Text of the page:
The Monolithic Architecture

The word “monolith” was originally used by Ancient Greeks to describe a single, mountain-sized block of stone. Though the word is used more broadly today, the idea remains the same – a monolithic software product is a single, indivisible unit that will generally grow to a large size.

In a typical client-server architecture, a monolithic product lives on the server, where it handles HTTP requests, executes logic, and interacts with the database. It contains a single executable that performs all of the server-side functions for an application.

For example, to update the behavior of a product page, a developer would access the same code base as they would to add a new customer service feature, or change the functionality of a promotional carousel. In a monolith, everything is managed and served from the same place. The size and simplicity of monolithic software products are both their strengths and their weaknesses.

Having all the components tightly coupled poses another challenge: whenever we execute or compile such software, all the components should be available or the build will fail. The process of upgrading them would be more complex, as we would have to consider other components that require code changes too. This would result in more development time than is required for the actual change.

Deploying such an application would become another challenge. During deployment, we would have to make sure that every component was deployed properly. If we didn’t do this, we may end up facing a lot of issues in our production environments.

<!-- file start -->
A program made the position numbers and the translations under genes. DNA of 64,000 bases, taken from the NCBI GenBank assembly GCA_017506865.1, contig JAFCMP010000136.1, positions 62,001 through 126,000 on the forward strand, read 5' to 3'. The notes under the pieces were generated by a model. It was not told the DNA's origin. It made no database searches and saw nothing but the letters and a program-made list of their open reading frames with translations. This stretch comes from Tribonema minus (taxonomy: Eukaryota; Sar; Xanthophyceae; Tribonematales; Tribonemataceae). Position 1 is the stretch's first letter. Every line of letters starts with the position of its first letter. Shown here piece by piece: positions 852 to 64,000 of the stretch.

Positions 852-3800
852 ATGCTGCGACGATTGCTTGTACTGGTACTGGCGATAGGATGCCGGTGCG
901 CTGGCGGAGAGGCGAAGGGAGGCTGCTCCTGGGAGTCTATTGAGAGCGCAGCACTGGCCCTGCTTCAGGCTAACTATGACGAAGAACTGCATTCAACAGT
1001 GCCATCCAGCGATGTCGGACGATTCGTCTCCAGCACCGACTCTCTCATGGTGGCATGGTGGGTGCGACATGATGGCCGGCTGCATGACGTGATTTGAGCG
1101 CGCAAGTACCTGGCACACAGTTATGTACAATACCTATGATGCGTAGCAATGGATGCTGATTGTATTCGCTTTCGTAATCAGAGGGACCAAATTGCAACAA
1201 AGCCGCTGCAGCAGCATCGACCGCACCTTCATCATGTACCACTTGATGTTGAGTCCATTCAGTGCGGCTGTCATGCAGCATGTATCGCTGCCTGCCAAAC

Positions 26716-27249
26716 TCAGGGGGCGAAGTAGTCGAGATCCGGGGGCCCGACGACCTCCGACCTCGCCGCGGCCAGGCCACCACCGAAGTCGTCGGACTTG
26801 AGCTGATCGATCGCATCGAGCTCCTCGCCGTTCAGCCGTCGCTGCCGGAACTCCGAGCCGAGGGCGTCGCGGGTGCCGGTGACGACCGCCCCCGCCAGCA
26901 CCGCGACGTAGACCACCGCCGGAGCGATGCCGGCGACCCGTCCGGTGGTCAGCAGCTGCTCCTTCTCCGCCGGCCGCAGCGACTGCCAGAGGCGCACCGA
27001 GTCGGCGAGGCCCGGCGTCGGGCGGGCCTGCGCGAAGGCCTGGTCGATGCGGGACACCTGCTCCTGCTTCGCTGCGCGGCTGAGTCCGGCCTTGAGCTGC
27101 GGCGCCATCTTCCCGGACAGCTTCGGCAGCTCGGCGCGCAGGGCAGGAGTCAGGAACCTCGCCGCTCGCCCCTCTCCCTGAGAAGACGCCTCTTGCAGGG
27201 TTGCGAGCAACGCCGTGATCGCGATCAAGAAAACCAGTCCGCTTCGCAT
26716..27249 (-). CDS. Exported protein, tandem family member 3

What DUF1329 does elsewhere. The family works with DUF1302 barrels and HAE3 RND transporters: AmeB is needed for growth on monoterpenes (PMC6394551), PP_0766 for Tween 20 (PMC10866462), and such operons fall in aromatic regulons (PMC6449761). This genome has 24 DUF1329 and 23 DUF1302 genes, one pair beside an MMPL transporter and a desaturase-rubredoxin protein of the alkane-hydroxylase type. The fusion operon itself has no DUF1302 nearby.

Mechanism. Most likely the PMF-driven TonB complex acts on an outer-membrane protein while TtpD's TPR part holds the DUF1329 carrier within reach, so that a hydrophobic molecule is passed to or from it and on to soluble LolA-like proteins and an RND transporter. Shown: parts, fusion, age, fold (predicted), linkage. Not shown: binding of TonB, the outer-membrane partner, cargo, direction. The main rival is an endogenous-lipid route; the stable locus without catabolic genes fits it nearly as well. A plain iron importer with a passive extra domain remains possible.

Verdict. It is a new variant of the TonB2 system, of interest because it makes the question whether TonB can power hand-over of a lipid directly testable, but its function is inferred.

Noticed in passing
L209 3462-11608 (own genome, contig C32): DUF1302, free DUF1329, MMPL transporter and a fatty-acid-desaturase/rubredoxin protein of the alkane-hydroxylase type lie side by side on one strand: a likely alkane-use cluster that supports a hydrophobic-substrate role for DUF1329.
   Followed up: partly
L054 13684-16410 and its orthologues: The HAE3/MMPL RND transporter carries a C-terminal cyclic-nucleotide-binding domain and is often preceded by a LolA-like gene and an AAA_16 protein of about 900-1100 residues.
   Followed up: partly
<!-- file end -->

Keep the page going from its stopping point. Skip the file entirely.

Challenges with Monolithic Architecture

  1. Large code base: This is a scenario where the code lines outnumber the comments by a great margin. As components are interconnected, we would have to deal with a repetitive code base.
  2. Too many business modules: This is in regard to modules within the same system.
  3. Complex code deployment: You may come across minor changes that would require whole system deployment.
  4. Code base complexity: This results in a higher chance of code breaking due to the fix required in other modules or services.
  5. One module failure affecting the whole system: This is with regard to modules that depend on each other.
  6. Scalability: This is required for the entire system and not just the modules in it.
  7. Inter module dependency: This is due to tight coupling. This results in heavy changes if required for an operation of any of the modules.
  8. Increased development time: This is due to code complexity and interdependence.
  9. Inability to easily adapt to new technology: In this case, the entire system would need to be upgraded.

It isn’t a bad idea to build a monolithic application, but it is a bad idea to let a monolithic application grow out of control.

Monoliths are agile at the start, allowing a business to get a product off the ground quickly. However, more consideration should be given to the architecture of the application when more time is being spent fixing existing code rather than building new features.

In the next lesson let’s look at how SOA tries to address these issues.

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